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2.0: Prelude to the Derivative

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    Precalculus Idea: Slope and Rate of Change

    The slope of a line measures how fast a line rises or falls as we move from left to right along the line. It measures the rate of change of the y-coordinate with respect to changes in the x-coordinate. If the line represents the distance traveled over time, for example, then its slope represents the velocity. In the figure, you can remind yourself of how we calculate slope using two points on the line:

    slope
    \( m=\text{Slope from \( P \) to \( Q \)}=\dfrac{\text{rise}}{\text{run}}=\dfrac{y_2-y_1}{x_2-x_1}=\dfrac{\Delta y}{\Delta x}\)

    We would like to be able to get that same sort of information (how fast the curve rises or falls, velocity from distance) even if the graph is not a straight line. But what happens if we try to find the slope of a curve, as in the figure below?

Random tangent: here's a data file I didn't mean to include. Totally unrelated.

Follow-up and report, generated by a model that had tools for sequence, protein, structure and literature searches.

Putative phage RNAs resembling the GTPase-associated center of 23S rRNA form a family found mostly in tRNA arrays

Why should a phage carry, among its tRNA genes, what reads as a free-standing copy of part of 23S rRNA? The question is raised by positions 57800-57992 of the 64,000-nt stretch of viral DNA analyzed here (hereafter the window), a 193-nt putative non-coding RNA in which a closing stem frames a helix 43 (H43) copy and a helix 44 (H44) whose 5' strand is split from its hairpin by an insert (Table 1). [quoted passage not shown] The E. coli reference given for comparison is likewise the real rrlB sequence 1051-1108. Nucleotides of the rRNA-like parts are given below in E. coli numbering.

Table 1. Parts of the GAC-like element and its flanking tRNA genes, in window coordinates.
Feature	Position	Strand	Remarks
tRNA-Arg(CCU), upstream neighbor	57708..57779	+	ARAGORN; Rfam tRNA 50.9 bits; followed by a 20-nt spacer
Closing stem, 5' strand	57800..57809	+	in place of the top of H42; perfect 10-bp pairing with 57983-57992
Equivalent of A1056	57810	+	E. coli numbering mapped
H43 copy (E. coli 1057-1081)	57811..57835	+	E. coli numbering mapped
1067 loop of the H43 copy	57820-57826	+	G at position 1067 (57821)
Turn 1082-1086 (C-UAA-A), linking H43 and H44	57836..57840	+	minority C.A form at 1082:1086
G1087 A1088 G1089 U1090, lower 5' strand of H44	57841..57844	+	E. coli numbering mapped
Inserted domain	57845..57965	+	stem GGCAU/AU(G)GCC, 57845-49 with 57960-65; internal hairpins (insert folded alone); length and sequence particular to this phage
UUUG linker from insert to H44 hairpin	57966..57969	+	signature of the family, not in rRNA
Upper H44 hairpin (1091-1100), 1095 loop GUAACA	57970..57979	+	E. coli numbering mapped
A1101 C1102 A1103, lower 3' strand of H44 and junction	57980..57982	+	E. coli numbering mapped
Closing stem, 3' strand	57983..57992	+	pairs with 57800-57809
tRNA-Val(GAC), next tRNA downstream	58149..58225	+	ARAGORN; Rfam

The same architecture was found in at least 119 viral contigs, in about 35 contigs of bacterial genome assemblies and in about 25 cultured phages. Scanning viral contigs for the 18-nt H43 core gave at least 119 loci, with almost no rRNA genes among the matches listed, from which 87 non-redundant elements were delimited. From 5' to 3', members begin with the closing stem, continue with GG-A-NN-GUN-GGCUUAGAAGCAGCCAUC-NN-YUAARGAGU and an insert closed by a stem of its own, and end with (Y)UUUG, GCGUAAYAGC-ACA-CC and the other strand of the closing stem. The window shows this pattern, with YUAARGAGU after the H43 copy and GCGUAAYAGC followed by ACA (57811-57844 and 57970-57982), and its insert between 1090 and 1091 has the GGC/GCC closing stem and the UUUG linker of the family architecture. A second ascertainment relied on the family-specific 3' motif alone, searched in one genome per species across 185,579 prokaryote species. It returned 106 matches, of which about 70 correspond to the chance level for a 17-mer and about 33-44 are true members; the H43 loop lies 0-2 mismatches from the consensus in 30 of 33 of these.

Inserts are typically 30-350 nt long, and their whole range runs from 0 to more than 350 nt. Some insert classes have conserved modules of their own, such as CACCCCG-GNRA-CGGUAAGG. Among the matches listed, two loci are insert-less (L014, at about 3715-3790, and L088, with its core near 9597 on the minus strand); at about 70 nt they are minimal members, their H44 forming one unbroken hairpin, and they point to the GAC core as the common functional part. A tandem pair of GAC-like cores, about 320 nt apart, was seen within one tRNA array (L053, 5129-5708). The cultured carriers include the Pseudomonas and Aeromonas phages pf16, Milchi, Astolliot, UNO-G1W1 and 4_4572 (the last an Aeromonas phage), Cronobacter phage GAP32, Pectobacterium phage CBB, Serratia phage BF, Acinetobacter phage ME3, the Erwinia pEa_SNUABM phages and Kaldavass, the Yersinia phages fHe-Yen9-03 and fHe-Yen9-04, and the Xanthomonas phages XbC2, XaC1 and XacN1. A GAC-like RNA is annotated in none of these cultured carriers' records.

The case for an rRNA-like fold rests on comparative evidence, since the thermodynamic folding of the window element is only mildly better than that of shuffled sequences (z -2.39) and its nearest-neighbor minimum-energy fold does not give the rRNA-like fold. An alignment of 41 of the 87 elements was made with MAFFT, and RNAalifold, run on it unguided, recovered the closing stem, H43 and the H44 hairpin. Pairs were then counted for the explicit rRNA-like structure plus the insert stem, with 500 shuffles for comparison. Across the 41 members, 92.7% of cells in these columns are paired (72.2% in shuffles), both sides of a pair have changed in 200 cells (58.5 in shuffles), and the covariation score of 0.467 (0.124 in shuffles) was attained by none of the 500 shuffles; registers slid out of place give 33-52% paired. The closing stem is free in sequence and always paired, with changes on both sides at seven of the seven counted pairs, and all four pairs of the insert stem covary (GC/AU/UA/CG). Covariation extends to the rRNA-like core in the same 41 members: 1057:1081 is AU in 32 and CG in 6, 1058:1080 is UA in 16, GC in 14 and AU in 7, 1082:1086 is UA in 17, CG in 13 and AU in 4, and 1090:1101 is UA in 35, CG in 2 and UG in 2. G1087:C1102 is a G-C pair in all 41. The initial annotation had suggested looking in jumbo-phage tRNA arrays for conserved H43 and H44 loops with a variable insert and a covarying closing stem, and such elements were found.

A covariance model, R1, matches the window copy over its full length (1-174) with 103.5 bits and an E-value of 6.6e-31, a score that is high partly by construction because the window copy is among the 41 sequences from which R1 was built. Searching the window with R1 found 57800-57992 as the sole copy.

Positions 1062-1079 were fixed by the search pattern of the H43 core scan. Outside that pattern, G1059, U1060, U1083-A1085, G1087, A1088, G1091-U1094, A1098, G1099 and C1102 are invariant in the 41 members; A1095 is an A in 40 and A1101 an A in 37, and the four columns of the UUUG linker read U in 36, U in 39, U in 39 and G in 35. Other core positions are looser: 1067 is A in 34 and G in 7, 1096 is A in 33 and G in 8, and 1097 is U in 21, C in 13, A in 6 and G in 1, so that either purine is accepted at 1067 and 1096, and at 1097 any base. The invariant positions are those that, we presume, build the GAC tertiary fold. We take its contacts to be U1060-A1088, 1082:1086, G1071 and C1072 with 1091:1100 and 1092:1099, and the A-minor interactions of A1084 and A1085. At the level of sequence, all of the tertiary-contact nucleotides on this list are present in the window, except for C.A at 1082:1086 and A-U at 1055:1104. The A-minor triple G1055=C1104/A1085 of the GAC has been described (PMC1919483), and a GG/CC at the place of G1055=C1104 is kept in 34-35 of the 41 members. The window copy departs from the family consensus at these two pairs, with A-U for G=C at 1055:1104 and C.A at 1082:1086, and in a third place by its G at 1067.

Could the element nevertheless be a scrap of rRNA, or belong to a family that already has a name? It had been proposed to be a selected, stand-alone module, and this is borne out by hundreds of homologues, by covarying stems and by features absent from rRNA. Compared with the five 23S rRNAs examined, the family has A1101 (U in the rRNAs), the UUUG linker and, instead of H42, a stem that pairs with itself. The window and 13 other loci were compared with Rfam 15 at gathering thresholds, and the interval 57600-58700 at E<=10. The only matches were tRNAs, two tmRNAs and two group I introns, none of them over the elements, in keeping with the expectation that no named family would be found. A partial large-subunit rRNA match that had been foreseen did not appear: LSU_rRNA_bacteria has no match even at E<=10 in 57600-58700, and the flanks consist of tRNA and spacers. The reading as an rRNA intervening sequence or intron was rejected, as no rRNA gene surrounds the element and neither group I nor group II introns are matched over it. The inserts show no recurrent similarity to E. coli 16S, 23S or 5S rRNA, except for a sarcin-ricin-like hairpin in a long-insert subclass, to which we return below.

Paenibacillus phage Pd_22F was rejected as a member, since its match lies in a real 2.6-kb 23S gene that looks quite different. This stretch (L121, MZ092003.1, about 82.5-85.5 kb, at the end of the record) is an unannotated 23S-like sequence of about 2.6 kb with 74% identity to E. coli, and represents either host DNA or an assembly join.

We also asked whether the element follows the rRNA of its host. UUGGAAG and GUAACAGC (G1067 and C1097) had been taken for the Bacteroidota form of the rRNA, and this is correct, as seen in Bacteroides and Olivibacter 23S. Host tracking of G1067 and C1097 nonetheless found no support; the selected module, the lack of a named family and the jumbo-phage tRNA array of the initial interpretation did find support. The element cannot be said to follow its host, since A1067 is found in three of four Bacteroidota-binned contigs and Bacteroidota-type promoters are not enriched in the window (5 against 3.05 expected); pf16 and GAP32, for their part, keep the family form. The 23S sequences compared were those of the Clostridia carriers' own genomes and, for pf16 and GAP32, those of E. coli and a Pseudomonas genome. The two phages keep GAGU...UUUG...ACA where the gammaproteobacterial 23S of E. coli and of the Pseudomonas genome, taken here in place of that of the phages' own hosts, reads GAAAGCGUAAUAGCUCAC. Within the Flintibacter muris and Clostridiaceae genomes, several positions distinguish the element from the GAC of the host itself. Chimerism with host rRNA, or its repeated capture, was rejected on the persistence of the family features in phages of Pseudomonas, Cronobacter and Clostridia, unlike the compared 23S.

slope

    We need two points in order to determine the slope of a line. How can we find a slope of a curve, at just one point? The answer, as suggested in the figure, is to find the slope of the tangent line to the curve at that point. Most of us have an intuitive idea of what a tangent line is. Unfortunately, “tangent line” is hard to define precisely.

    Definition: Secant Line

    A secant line is a line between two points on a curve.

    See the image below:

    secant
    Can't-quite-do-it-yet Definition: Tangent Line

    A tangent line is a line at one point on a curve… that does its best to be the curve at that point?

    As you may be able to see in the image below, the closer the point \(Q\) is to the point \(P\), the closer the secant slope gets to the tangent slope. This will be key to finding the tangent slope, but first we need to more carefully define the idea of getting closer to.

    secant to tangent

    2.0: Prelude to the Derivative is shared under a not declared license and was authored, remixed, and/or curated by LibreTexts.

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